Original Research

Third-Grade English Second Language teachers’ vocabulary development practices

Jabulani Sibanda, Jean Baxen
South African Journal of Childhood Education | Vol 8, No 1 | a545 | DOI: https://doi.org/10.4102/sajce.v8i1.545 | © 2018 Jabulani Sibanda, Jean Baxen | This work is licensed under CC Attribution 4.0
Submitted: 19 May 2017 | Published: 14 November 2018

About the author(s)

Jabulani Sibanda, School of Education, Sol Plaatje University, South Africa
Jean Baxen, Office of the DVC, Sol Plaatje University, South Africa


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Abstract

Background: This article investigated the potential of Grade 3 English Second Language (ESL) teachers’ vocabulary development practices to equip learners in English-deprived environments with English vocabulary requisite for transition to Grade 4 where English is the Language of Learning and Teaching and where learning to read gives way to reading to learn.

Aim: This study sought to document and interrogate incidental and explicit Grade 3 ESL teachers’ vocabulary development practices vis-à-vis learners’ vocabulary needs.

Setting: Three classrooms from one township and two diverse rural schools in three different districts of the Eastern Cape province of South Africa were observed.

Methods: The case study sourced qualitative data through video and field notes recorded in classroom observations in 10 English First Additional Language classes for each teacher. Quantitative data on teacher talk vocabulary exposure and recycling were generated using the AntConc 3.2.4 software.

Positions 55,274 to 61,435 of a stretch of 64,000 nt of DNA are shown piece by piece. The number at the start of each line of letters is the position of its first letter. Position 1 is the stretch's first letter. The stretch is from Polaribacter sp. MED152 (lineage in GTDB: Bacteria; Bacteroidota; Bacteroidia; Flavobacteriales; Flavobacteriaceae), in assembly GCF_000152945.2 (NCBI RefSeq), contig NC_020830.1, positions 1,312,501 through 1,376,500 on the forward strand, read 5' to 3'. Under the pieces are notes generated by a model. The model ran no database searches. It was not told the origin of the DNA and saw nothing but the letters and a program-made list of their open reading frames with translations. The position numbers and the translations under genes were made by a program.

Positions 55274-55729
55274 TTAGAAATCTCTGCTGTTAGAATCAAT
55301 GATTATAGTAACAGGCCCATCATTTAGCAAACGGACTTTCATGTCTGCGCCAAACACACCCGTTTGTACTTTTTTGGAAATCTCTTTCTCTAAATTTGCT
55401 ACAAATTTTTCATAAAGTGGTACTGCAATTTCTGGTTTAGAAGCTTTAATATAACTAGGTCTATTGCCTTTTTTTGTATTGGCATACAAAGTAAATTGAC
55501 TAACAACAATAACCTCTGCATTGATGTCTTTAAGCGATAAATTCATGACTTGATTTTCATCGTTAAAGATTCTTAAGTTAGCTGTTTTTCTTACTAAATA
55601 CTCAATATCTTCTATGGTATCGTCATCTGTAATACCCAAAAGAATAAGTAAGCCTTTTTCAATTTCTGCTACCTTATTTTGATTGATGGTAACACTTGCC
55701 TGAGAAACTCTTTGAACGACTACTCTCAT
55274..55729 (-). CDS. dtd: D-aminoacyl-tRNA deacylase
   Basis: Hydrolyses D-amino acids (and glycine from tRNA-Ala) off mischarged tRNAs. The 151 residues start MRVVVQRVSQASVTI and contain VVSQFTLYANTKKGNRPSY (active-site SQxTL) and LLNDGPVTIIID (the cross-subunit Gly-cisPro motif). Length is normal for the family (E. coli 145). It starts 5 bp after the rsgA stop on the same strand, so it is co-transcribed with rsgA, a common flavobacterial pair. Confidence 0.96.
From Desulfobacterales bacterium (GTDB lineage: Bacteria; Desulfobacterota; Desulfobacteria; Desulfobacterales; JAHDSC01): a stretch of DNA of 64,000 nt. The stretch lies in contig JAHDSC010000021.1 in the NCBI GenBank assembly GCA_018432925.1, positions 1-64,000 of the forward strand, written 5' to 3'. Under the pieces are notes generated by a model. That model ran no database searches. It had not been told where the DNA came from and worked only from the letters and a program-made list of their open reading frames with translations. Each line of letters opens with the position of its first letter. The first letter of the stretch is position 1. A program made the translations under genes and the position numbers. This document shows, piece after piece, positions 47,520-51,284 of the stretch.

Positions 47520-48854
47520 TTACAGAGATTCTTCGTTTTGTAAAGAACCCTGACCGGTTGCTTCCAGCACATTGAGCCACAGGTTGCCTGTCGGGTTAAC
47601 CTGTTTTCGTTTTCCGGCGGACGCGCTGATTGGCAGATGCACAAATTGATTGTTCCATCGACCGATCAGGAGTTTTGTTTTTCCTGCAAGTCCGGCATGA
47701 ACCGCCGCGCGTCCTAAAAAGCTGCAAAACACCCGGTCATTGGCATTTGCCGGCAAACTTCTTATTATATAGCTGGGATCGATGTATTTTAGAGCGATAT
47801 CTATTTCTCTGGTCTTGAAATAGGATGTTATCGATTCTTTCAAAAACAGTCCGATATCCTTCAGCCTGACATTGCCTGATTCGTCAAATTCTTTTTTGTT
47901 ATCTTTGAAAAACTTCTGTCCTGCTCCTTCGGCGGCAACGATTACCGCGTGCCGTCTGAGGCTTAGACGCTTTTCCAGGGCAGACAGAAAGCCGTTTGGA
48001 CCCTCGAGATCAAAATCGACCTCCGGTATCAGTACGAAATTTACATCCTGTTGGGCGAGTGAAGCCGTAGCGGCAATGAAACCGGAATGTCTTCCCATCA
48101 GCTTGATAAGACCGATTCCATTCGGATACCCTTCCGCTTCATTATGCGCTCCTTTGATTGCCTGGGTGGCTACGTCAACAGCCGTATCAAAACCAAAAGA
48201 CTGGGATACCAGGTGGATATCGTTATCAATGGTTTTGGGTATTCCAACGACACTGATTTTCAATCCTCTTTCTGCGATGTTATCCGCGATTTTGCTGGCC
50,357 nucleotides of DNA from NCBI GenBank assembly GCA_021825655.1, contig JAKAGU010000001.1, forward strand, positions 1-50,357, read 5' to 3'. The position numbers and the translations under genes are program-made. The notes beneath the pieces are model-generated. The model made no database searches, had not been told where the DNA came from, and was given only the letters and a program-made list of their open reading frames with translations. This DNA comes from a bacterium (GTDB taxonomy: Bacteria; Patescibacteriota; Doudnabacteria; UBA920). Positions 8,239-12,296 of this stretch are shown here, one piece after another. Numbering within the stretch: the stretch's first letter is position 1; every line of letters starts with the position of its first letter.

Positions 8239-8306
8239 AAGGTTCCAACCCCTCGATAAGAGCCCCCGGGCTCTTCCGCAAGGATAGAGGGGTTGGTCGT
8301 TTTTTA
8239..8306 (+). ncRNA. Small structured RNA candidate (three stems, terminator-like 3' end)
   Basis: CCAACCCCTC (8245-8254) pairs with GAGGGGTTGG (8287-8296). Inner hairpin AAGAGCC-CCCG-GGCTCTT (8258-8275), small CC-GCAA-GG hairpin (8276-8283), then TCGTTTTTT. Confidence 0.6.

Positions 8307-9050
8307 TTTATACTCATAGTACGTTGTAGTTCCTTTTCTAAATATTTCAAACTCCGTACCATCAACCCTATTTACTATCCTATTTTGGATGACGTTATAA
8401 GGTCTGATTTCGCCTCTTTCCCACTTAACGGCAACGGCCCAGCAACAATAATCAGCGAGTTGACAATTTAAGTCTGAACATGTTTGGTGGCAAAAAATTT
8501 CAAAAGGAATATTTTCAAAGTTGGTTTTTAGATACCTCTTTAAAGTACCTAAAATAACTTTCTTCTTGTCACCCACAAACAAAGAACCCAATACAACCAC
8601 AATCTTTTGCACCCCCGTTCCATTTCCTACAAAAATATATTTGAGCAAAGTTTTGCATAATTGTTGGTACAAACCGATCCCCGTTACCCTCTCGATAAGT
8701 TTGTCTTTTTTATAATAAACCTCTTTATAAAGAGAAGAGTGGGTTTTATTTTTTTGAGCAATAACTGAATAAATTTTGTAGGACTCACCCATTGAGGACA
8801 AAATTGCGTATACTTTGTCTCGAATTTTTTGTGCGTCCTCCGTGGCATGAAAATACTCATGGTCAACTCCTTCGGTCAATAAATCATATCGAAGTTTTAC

Results: The study found that the incidental vocabulary development was compromised by low English language exposure occasioned by teachers’ frequent recourse to the Home Language, little word recycling in classroom talk and lack of rich contexts in which words were encountered. Explicit vocabulary instructional practices mostly drew learners’ attention to novel words and had a narrow range of strategies dealing with word meanings.

Conclusion: In view of the manifest lack of a robust vocabulary development programme among ESL teachers, the study recommends planned and deliberate attention to vocabulary development on the teachers’ part and a reconsideration of the learners’ vocabulary needs and learner meaningful engagement in vocabulary development.


Keywords

Explicit instruction; incidental strategies; practices; vocabulary needs; vocabulary exposure; recycling vocabulary development

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